I did not really make any major or unnecessary changes to the design, except those done to save the dress from ruin.  After all the troubles I had come across, I kept the skirt simple and opted for no back walking vent.  Such a feature would not really work with a knit fabric anyway.  Having a one piece skinny tapered skirt really amps up the curvy silhouette to this dress, after all!  I am not one for popular, stereotypical pin-up styles, but the no-slit skirt is I feel as small nod to those fashions.  I have no trouble walking in it without the leg vent, as the knit is a bit forgiving anyway.  There is a very wide 4 ½ inch hem at the skirt bottom to make as long as you see it on my 5 foot 3 inch frame.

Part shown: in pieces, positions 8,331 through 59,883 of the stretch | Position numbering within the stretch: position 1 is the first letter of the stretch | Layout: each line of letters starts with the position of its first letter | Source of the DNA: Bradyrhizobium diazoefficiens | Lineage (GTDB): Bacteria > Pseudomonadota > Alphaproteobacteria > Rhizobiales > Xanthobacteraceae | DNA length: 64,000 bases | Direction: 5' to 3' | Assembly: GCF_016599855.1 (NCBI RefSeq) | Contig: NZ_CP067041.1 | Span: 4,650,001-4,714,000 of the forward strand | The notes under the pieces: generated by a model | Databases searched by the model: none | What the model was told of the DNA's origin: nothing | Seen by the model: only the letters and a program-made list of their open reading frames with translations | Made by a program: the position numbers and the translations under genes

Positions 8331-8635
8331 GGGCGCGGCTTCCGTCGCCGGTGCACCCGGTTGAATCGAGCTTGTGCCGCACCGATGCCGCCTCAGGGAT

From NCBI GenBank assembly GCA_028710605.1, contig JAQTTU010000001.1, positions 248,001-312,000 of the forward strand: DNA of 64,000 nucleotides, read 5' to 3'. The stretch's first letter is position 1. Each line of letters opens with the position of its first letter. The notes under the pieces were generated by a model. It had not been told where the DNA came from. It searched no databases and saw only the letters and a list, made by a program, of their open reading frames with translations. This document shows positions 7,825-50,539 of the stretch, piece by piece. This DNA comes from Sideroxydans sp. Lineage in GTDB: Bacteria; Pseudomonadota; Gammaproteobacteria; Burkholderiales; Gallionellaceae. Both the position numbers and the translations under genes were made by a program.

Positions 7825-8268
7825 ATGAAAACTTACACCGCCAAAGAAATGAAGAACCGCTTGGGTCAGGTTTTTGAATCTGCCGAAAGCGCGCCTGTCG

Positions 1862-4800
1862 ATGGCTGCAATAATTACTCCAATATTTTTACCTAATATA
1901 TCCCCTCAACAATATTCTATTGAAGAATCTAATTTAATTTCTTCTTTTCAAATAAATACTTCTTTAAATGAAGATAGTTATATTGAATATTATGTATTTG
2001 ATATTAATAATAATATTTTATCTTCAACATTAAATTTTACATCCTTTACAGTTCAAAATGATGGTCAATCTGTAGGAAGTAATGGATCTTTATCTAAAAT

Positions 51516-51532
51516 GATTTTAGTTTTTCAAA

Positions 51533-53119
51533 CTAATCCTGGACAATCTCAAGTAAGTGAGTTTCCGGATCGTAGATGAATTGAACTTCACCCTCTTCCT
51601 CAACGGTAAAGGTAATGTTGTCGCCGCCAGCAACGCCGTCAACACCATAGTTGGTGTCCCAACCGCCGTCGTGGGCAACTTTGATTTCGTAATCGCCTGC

The front skirt details were the most successful and relatively easy part of the whole dress.  Granted the pockets did not fit together very well when I lined up the skirt over the side hip panel.  Big surprise!  But the mismatching pockets actually helped the hip section of the dress to pouf out properly, which in turn disguises how roomy those pockets actually are.  I have already made a dress from the previous decade (one of my Agent Carter 40’s fashions) which had a very similar side front hip pocket style so this must have been a popular feature in the middle 20th century.  I not surprised.  Since when can you have a dressy dress that actually has very useful pockets that are part of the smart design lines?!  Just remember, with this kind of skirt you cannot have a tight fit because not only would that pull open the pockets, but it would ruin the important element of that design feature.  The skirt front is meant to complement the waist by exaggerating the hips (as the 1950s were wont to do) in conjunction with softening the shoulder line by using kimono sleeves and underarm gussets.